Deciphering the STING Paradox - Review


STING, a key sensor of cytosolic nucleic acids

STING (stimulator of interferon genes), alternatively known as MPYS, TMEM173, MITA and ERIS, is a key sensor of cytosolic nucleic acids.
In the past year, an incredible amount has been revealed on the biology of STING. As the studies were published, the complexity of STING became apparent. STING, initially thought to serve solely as an adaptor protein for mediating signaling by cytosolic DNA sensors (CDS), was recently found to be a direct sensor of cyclic dinucleotides (CDNs) [1].

STING pathway

Cytosolic nucleic acids

CDNs are ubiquitous second messenger molecules used in bacterial signal transduction and are defense triggers in mammalian cells.
Upon bacterial pathogen attack, CDNs released into cells bind directly to STING leading to TBK1-mediated IRF3 activation and type I IFN production.
Cyclic diguanylic acid (c-di-GMP) is the most prevalent intracellular signaling intermediate in bacteria. Other functionally important CDNs include cyclic diadenylic acid (c-di-AMP) [2] and the recently identified cyclic adenylicguanylic acid (cGAMP) [3].
A highlight of the year was the back-to-back discovery of metazoan cGAMP and the enzyme cyclic cGAMP synthase (cGAS) [3,4]. Mammalian cells synthesize cGAMP in response to cytosolic DNA interaction with cGAS. Increasing evidence now places cGAS as the critical cytosolic DNA sensor.

Surprisingly, certain cells are able to respond to cytosolic DNA and the cGAS product but are poorly responsive to direct administration of cGAMP. With several close structural examinations, another key discovery was made.
Metazoan cGAMP is structurally distinct to the bacterial cGAMP [5,6]. Metazoan cGAMP contains [G(2′,5′)-pA(3′,5′)p] phosphodiester linkages, whereas bacterial cGAMP contains [G(3′,5′)pA(3′,5′)p] linkages. Thus arose the nomenclature 3′3′-cGAMP for the bacterial “canonical” cyclic dinucleotide, and 2′3′-cGAMP relating to the mammalian “noncanonical” cGAS-produced cGAMP. The latter cGAS-produced cGAMP was found to bind STING with stronger affinity than bacterial cGAMP, inducing a robust IFN response [7,8].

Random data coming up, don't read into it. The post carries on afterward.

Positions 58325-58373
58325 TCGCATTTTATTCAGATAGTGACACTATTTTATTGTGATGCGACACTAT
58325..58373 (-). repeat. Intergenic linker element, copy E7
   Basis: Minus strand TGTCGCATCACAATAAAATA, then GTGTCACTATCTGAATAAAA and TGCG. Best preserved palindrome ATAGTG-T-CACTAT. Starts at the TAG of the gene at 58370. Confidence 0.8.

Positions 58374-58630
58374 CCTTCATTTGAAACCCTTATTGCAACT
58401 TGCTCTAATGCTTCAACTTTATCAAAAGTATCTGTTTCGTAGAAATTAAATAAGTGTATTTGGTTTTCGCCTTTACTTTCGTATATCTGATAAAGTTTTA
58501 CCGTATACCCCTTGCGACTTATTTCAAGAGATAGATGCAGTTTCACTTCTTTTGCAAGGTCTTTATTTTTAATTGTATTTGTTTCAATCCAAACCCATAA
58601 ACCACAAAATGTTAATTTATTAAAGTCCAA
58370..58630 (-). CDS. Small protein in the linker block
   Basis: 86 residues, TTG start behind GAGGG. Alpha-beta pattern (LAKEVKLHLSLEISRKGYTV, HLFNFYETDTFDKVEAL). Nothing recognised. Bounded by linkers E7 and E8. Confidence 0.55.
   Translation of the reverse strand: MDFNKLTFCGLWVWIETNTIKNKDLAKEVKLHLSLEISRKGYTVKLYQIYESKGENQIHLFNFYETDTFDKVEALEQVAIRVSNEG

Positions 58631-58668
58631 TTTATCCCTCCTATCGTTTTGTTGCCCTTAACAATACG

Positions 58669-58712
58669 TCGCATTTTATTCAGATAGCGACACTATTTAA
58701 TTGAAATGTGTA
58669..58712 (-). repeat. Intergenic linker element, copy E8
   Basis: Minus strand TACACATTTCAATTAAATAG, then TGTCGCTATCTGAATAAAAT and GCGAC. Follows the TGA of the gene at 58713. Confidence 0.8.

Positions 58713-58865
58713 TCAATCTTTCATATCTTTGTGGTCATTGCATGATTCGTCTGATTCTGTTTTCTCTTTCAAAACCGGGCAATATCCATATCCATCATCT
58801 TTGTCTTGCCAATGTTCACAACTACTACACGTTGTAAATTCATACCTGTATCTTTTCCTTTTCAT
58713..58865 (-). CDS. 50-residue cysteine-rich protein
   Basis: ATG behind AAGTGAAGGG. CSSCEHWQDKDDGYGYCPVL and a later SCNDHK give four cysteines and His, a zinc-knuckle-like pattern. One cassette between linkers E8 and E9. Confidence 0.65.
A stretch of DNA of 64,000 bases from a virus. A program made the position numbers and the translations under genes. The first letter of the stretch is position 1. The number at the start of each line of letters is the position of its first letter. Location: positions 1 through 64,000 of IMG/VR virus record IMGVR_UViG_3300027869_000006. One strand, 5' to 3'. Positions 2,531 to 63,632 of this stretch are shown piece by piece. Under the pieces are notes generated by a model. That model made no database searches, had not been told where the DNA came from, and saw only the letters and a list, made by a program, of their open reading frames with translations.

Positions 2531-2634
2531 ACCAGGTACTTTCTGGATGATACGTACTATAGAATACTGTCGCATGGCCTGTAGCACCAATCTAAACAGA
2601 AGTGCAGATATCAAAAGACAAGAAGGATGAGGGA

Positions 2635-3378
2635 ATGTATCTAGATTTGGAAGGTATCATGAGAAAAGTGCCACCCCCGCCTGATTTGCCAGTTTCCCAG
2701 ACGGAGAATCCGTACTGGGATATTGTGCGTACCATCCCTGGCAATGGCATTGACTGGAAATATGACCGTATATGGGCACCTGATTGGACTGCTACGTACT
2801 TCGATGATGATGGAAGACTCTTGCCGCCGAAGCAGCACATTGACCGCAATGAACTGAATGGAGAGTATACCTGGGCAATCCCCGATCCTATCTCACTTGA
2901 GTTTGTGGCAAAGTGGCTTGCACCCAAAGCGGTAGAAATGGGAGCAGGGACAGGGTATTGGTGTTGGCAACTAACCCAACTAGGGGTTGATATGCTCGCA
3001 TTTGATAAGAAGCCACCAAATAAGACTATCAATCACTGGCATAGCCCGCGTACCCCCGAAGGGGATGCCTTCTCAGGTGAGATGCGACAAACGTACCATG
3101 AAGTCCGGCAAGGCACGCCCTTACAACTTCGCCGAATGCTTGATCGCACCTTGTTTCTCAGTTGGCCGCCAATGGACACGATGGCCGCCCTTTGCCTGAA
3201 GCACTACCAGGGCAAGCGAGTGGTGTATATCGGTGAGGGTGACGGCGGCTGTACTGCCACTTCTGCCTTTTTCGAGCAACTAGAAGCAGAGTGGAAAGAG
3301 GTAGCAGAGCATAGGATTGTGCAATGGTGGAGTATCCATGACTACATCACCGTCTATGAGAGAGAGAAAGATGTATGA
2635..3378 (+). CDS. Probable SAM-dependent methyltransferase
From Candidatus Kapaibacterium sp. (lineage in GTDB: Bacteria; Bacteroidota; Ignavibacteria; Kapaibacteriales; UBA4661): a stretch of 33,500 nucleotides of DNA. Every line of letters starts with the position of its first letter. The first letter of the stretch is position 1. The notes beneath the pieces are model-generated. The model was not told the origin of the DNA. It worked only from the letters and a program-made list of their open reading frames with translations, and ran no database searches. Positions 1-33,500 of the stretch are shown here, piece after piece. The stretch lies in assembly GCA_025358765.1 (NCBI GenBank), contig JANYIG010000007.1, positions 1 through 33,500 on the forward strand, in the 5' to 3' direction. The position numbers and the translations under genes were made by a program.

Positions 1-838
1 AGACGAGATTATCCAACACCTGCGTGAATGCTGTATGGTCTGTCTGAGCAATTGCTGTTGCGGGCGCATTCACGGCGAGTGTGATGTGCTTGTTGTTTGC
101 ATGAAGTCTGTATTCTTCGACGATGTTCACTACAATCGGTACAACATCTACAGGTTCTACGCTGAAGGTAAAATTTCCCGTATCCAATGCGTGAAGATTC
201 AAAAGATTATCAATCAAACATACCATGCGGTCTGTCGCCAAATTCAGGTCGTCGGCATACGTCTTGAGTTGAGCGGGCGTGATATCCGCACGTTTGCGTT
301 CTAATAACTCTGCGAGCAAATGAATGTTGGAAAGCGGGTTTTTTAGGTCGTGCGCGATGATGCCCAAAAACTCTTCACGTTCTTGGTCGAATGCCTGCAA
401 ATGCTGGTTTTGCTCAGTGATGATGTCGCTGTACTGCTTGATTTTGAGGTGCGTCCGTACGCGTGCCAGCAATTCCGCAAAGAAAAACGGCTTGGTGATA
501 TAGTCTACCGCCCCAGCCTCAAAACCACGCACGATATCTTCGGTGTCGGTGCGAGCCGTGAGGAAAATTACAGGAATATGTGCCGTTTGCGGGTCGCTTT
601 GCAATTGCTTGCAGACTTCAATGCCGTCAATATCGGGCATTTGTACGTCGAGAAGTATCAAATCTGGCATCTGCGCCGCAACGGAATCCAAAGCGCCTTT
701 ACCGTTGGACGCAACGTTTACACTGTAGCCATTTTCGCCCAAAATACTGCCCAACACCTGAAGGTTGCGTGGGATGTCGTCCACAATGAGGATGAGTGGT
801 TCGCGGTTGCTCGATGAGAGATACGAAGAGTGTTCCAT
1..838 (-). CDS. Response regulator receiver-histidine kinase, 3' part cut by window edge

Natural variants of STING

Interestingly, a variety of natural variants of human STING (hSTING) have been identified [9]. The presence of non-synonymous variants of hSTING, some in high frequencies is indicative of its implicit role in disease. It is important to be aware that variant hSTING alleles differentially respond to cGAMPs.
Several of the aforementioned studies were performed on the hSTING allele containing the H232 allele and not R232 that is now known as the wild type hSTING prevalent in ~60% of the population.
Furthermore, the variant hSTING haplotype (HAQ) found in the THP1 monocytic cell line has low intrinsic activity but responds to bacterial and metazoan CDNs.
Very recently, a splice variant of hSTING, named MRP, has been identified in HeLa and 293T cells that acts as a dominant negative regulator of STING-mediated IFN production [10].

The STING variants (alleles and mutants) and different forms of CDNs are powerful tools to further understand STING biology. Important lessons have been learned the hard way.
A small molecule DMXAA (Vadimezan or ASA404) that failed in phase III clinical trials in combination with chemotherapy, was found to stimulate STING signaling in mice but not in humans [11]. Together, these studies underscore the careful attention required when it comes to conducting experiments and interpreting the role of STING.

1. Burdette DL. et al., 2011. STING is a direct innate immune sensor of cyclic di-GMP. Nature 478(7370):515-8.
2. Woodward JJ. et al., 2010. c-di-AMP secreted by intracellular Listeria monocytogenes activates a host type I interferon response. Science 328(5986):1703-5.
3. Wu J. et al., 2013. Cyclic GMP-AMP is an endogenous second messenger in innate immune signaling by cytosolic DNA. Science 339(6121):826-30.
4. Sun L. et al., 2013. Cyclic GMP-AMP synthase is a cytosolic DNA sensor that activates the type I interferon pathway. Science 339(6121):786-91.
5. Ablasser A. et al., 2013. cGAS produces a 2'-5'-linked cyclic dinucleotide second messenger that activates STING. Nature 498(7454):380-4.
6. Civril F. et al., 2013. Structural mechanism of cytosolic DNA sensing by cGAS. Nature 498(7454):332-7.
7. Gao P. et al., 2013. Cyclic [G(2',5')pA(3',5')p] is the metazoan second messenger produced by DNA-activated cyclic GMP-AMP synthase. Cell 153(5);1094-107.
8. Zhang X. et al., 2013. Cyclic GMP-AMP Containing Mixed Phosphodiester Linkages Is An Endogenous High-Affinity Ligand for STING. Mol Cell 52(2):226-35.
9.Yi G. et al., 2013. Single Nucleotide Polymorphisms of Human STING Can Affect Innate Immune Response to Cyclic Dinucleotides. PLoS One 8(10):e77846.
10. Chen H. et al., 2014. An Alternative Splicing Isoform of MITA Antagonizes MITA-Mediated Induction of Type I IFNs. J Immuno doi: 10.4049.
11. Conlon J. et al., 2013. Mouse, but not human STING, binds and signals in response to the vascular disrupting agent 5,6-dimethylxanthenone-4-acetic acid. J Immuno 190(10):5216-25.

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